Spurred by concerns that traveling U.S. 278 in Bluffton has become more dangerous, the S.C. Department of Transportation will conduct a safety audit of the highway.
Engineers, law enforcement and emergency responders with the state, county and town of Bluffton will jointly study the corridor from the Beaufort-Jasper county line to Hilton Head Island to determine how the highway's safety compares to similar routes statewide. It will also consider what can be done to improve it.
The DOT is conducting the study at the request of Beaufort County to help determine whether the road is seeing more than its fair share of wrecks, state traffic safety program engineer Joey Riddle said. It was not clear Saturday whether the state or county will foot the bill, which Riddle estimated at $20,000.
Beaufort County traffic engineer Colin Kinton said the number of wrecks seems high on the road despite the addition of two lanes in a widening project completed in November and a series of small fixes since then.
Never miss a local story.
While there's no way to reduce traffic along the corridor, there may be ways to cut the number of accidents, depending on the audit results, Kinton said.
"If the same type of accident is happening over and over and over again, maybe there's something you need to look at," he said.
WHERE THE WRECKS ARE
From June 2013 to June 2014, the most recent data available, there were 41 wrecks where U.S. 278 meets Simmonsville Road, according to S.C. Department of Public Safety data.
Near the Buck Island Road intersection, 28 wrecks occurred during the same period, including a four-car accident on June 5 that left a 65-year-old Bluffton woman dead. The cause of that crash remains under investigation.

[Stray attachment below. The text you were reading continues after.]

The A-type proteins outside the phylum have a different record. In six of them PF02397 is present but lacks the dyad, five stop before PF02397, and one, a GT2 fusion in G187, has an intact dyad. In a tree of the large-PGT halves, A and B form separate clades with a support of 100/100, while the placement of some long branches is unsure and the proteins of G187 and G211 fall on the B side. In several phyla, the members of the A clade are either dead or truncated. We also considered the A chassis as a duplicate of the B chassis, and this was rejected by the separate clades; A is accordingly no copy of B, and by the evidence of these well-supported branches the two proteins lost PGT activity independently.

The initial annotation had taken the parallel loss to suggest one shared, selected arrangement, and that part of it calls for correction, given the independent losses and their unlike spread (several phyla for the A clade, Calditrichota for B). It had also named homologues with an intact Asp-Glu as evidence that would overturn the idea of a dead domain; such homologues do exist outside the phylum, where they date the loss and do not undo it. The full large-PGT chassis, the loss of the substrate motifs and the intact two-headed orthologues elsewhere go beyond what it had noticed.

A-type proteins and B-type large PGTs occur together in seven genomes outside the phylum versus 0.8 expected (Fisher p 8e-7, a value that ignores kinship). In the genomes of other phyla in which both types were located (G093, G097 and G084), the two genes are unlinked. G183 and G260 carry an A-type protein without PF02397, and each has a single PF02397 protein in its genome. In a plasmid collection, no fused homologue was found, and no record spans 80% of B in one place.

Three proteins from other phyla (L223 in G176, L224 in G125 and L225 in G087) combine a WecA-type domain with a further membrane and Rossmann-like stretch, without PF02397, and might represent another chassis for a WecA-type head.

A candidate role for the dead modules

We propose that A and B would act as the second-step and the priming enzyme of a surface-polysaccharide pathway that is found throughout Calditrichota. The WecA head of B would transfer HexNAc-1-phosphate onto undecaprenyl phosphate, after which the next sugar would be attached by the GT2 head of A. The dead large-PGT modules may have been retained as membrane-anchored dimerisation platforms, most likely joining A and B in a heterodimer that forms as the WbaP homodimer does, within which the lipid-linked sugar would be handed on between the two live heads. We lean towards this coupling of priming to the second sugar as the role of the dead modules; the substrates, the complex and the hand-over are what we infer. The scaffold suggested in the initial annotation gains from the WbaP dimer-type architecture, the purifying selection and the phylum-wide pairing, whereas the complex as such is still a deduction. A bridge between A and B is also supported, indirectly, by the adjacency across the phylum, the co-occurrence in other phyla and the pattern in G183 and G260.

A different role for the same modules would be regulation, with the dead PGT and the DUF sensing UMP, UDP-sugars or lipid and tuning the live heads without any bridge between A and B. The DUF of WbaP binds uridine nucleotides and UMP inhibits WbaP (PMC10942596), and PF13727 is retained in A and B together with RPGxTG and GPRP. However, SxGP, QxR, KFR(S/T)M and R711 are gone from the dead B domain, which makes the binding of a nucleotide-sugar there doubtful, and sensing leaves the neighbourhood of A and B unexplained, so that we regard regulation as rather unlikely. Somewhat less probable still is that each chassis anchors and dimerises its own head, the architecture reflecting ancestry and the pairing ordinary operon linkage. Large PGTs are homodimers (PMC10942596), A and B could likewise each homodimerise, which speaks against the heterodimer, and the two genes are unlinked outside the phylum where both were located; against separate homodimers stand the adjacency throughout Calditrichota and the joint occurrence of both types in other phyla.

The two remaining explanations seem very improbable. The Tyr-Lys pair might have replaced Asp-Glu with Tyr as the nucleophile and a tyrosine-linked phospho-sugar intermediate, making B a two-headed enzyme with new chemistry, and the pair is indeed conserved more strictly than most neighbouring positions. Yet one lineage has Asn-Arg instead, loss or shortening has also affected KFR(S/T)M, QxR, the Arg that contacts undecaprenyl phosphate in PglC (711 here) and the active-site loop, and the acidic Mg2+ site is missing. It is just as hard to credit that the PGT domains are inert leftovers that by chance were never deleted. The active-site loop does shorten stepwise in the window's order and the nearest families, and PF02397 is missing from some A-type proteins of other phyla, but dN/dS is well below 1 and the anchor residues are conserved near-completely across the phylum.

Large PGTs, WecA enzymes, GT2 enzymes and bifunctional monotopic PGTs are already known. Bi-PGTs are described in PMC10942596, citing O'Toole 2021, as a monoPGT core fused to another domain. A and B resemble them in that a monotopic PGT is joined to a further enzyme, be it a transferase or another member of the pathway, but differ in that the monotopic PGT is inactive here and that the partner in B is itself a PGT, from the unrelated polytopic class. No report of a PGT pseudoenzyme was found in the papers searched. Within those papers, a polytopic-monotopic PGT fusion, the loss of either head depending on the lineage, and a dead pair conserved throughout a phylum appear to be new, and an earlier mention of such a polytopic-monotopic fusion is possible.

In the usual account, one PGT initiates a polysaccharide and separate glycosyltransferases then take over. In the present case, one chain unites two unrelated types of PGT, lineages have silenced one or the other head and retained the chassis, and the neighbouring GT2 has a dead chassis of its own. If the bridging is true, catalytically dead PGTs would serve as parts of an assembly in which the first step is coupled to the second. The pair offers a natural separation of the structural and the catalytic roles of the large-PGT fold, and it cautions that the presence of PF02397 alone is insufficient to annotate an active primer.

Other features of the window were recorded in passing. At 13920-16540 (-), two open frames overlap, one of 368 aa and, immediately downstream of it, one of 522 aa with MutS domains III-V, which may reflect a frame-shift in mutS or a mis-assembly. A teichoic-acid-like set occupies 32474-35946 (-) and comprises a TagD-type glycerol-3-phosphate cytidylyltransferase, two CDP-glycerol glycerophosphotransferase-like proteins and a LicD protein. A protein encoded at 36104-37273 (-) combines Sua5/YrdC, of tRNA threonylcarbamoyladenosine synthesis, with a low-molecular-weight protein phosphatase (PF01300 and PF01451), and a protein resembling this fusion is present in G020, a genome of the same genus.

The next day, in the same spot, a driver turning onto Buck Island failed to yield and hit another car. That crash injured two people, according to the Bluffton Police Department.
In that same timeframe, there were 26 accidents where U.S. 278 meets Buckwalter Parkway, the safety department found.
Kinton said he is also concerned about U.S. 278 intersections with Burnt Church Road, Malphrus Road and Moss Creek Drive. Riddle and Kinton noted that no data are available on the accident rates at those intersections. The audit will reveal those rates, as well as the causes of all crashes along the corridor.
So far, it appears the majority of accidents in Bluffton are caused by drivers following too closely, going too fast for conditions or driver inattention, according to the Department of Public Safety.
WHAT CAN BE DONE?
A consultant, who will be hired in the next few months, will compile the findings and draft recommendations for the route.
Riddle expects to see those recommendations for changes by the end of the year and said most are likely to be modest tweaks that target specific problems.
"No one really has the funding to say, 'Let's go in and make changes all along U.S. 278,'" he said. "You're talking hundreds of millions of dollars, depending on what improvements you make."
Beaufort County has made some minor changes in recent months.
New flashing yellow lights at the highway's intersections with Buckwalter Parkway, Buck Island Road and Hampton Parkway give drivers more guidance in making turns, and allow some freedom to turn when there's no traffic, Kinton said.
Other roads, such as Simmonsville, already have protected left turns, meaning drivers can only proceed with a green arrow.
Physical changes along the corridor may not be necessary beyond that type of adjustment, said Senior Trooper Hannah Wimberly of the S.C. Highway Patrol.
Increased enforcement and education can go a long way in tackling speeding and distraction issues, she said.
"It's not necessarily the road conditions," she said. "There's just so much traffic, and you have a lot of motorists coming in who aren't familiar with the roadway."
The Bluffton Police Department is vying for a grant that would pay for two officers dedicated to traffic, Maj. Joseph Manning said. The grant recipient will be chosen in September, about the same time the audit is scheduled to begin.
Kinton says he expects enforcement to play a large role in improving safety for the thousands who travel the highway each day.
However, drivers should also be held responsible he said.
"There's a lot of traffic and a lot of people making decisions to turn left or turn right," Kinton said. "People need to be paying very close attention to what they're doing and not be distracted by phones ringing and the sandwich in their hands."
Follow reporter Rebecca Lurye on Twitter at twitter.com/IPBG_Rebecca.